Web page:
UCB’s bimekizumab tops J&J’s Stelara in psoriasis study

The first phase 3 data with UCB’s key pipeline drug bimekizumab show that it hit all its efficacy targets in psoriasis – and performed better than Johnson & Johnson’s blockbuster rival Stelara.

Bimekizumab – an IL-17A and IL-17F inhibitor – outdid both placebo and IL-12/IL-23 blocker Stelara (ustekinumab) when it came to clearing the skin of patients with moderate-to-severe chronic plaque psoriasis and improving symptoms, says the Belgian biopharma company.

The importance of the positive readout to UCB can’t be overstated. Bimekizumab is prominent among a handful of pipeline programmes the company wants to bring to market before it loses patent protection for two blockbuster drugs – epilepsy treatment Vimpat (lacosamide) and immunology therapy Cimzia (certolizumab pegol) – by 2024.

UCB isn’t giving away much detail on the BE VIVID trial of bimekizumab just yet, but has revealed that its antibody was able to meet the two primary endpoints of at least a 90% improvement in the Psoriasis Area and Severity Index (PASI 90) and Investigator Global Assessment score of clear or almost clear skin (IGA 0/1) after 16 weeks.

It was better than Stelara in reaching PASI 90 and IGA 0/1 at that timepoint, and also topped placebo on the more stringent PASI 100 and IGA 0 measures, which represent completely clear skin. Patients in the study had at least 10% of their body covered with psoriasis at enrolment.

The trial provides “strong evidence that bimekizumab has the potential to raise the bar for achieving skin clearance rates for patients,” said lead investigator Mark Lebwohl of the Icahn School of Medicine at Mount Sinai, New York.

“Achieving clear skin is of critical importance in positively impacting the lives of psoriasis patients,” he added.

BE VIVID will follow patients for a year after starting treatment, so additional readouts will follow in the coming months.

Meanwhile it’s just one of a series of phase 3 trials UCB is running on bimekizumab, with additional data in psoriasis, psoriatic arthritis and ankylosing spondylitis due next year as UCB prepares to take on the challenge of entering a highly-competitive therapeutic category.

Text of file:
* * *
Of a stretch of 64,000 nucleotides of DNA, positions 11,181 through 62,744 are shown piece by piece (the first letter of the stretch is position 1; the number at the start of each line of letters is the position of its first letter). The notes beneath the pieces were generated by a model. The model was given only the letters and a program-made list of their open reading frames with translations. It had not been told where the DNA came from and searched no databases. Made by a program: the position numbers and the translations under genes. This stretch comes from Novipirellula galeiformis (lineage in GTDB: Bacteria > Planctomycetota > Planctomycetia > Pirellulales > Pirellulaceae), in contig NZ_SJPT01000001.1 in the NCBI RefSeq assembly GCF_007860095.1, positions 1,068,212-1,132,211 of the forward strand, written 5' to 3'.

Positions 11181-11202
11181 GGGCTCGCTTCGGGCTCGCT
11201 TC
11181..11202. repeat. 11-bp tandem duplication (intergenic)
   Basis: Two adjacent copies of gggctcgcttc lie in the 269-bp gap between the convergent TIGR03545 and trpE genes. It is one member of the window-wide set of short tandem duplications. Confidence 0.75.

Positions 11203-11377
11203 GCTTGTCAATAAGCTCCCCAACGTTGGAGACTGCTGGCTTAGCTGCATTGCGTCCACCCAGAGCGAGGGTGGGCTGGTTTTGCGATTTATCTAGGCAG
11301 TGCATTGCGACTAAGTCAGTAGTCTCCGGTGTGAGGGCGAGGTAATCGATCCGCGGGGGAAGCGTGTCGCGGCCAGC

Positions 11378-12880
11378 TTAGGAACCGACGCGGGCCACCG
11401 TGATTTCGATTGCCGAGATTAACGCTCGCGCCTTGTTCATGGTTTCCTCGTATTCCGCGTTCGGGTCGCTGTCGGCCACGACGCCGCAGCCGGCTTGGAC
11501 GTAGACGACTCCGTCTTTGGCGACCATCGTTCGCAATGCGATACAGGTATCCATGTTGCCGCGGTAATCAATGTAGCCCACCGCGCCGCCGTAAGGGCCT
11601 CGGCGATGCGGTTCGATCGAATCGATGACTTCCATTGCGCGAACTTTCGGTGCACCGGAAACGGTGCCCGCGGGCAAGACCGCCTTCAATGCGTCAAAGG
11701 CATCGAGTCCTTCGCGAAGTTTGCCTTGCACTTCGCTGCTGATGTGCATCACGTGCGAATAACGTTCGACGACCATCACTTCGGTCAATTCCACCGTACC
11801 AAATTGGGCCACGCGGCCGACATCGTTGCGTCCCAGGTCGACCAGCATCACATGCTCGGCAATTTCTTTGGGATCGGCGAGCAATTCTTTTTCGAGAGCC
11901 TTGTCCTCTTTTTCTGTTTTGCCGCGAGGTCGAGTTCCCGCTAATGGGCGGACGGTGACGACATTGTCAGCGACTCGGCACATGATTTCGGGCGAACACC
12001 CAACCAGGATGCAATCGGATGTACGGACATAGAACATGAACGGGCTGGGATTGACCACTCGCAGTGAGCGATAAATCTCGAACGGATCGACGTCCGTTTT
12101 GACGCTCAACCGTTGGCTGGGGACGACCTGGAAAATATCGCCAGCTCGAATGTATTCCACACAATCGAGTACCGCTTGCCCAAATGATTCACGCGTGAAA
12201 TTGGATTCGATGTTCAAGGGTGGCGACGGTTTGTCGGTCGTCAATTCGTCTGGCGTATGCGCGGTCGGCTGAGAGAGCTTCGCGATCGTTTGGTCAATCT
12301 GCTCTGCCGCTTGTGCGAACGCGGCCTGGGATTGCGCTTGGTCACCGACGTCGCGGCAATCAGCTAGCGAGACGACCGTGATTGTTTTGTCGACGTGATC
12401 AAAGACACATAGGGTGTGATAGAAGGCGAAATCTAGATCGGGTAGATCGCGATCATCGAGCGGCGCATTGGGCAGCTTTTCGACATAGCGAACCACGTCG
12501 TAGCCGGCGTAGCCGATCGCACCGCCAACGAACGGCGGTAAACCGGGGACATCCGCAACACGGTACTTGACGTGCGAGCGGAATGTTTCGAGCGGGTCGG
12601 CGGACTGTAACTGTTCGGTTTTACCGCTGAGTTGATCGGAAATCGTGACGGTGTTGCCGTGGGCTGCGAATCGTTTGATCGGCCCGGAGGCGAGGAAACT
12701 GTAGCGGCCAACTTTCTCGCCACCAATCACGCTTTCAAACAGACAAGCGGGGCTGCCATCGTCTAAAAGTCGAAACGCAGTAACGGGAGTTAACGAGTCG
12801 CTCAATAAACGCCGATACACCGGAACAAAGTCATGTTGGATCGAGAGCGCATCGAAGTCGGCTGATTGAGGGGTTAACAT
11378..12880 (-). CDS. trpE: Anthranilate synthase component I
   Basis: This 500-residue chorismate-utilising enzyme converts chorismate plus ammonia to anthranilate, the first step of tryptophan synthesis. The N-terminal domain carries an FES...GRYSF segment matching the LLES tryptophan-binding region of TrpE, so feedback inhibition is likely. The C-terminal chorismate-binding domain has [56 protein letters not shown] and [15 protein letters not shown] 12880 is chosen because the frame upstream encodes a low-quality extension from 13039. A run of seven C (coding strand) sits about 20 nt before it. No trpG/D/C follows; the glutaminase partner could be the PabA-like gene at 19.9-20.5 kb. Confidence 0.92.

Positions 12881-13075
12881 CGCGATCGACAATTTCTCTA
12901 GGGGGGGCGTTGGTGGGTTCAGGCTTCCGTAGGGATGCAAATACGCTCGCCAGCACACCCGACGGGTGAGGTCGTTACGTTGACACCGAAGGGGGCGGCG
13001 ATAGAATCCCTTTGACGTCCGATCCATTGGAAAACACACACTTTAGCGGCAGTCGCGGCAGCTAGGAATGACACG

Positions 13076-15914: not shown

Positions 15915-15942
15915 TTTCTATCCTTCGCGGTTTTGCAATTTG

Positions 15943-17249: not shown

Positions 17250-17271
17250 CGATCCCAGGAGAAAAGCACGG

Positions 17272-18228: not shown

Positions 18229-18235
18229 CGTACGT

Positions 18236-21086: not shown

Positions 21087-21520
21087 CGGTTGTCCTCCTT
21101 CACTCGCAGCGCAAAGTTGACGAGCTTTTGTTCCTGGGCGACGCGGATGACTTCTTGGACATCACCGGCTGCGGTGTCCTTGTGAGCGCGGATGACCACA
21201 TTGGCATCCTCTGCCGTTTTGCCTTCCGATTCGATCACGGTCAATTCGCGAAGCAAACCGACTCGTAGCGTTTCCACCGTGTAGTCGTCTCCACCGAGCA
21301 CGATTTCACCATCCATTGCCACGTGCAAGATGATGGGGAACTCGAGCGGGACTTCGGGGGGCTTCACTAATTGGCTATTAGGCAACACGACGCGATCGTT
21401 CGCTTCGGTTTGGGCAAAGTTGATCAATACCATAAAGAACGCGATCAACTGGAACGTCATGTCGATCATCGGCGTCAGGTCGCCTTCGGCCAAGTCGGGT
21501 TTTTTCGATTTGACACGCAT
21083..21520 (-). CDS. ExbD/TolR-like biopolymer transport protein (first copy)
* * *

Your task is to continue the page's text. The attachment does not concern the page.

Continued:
IL-17A inhibitors such as Novartis’ Cosentyx (secukinumab) and Eli Lilly’s Taltz (ixekizumab) – as well as IL-23 inhibitors like J&J’s Stelara follow-up Tremfya (guselkumab) and AbbVie’s recently-approved Skyrizi (risankizumab) – are already shifting treatment away from older TNF blockers.

That is down to higher skin clearance rates and also because they don’t have warnings for malignancy and infection and are viewed as safer to use than the TNF drugs, which include UCB’s own Cimzia product.

Meanwhile, orally-active JAK inhibitors, including Pfizer’s Xeljanz (tofacitinib) and AbbVie’s Rinvoq (upadacitinib), are also in trials for psoriasis, although concerns about thrombotic side effects might limit their uptake.

So far Xeljanz is approved for psoriatic arthritis only, as it was turned down by the FDA for the psoriasis, in addition to being used for rheumatoid arthritis.

UCB’s pitch is that targeting both IL-17A and IL-17F goes one step further as the latter is also a contributor to chronic tissue inflammation.

For now analysts aren’t wholly convinced, with sales predictions coming in at a modest $222 million in 2023, at a time when Cimzia is expected to be knocking on the door of €1.7 billion ($1.88 billion) in annual sales.

A lot will be riding on a head-to-head trial of bimekizumab and Cosentyx in psoriasis, due to read out next year, which will help determine whether the IL-17F activity makes a difference to clinical outcomes.

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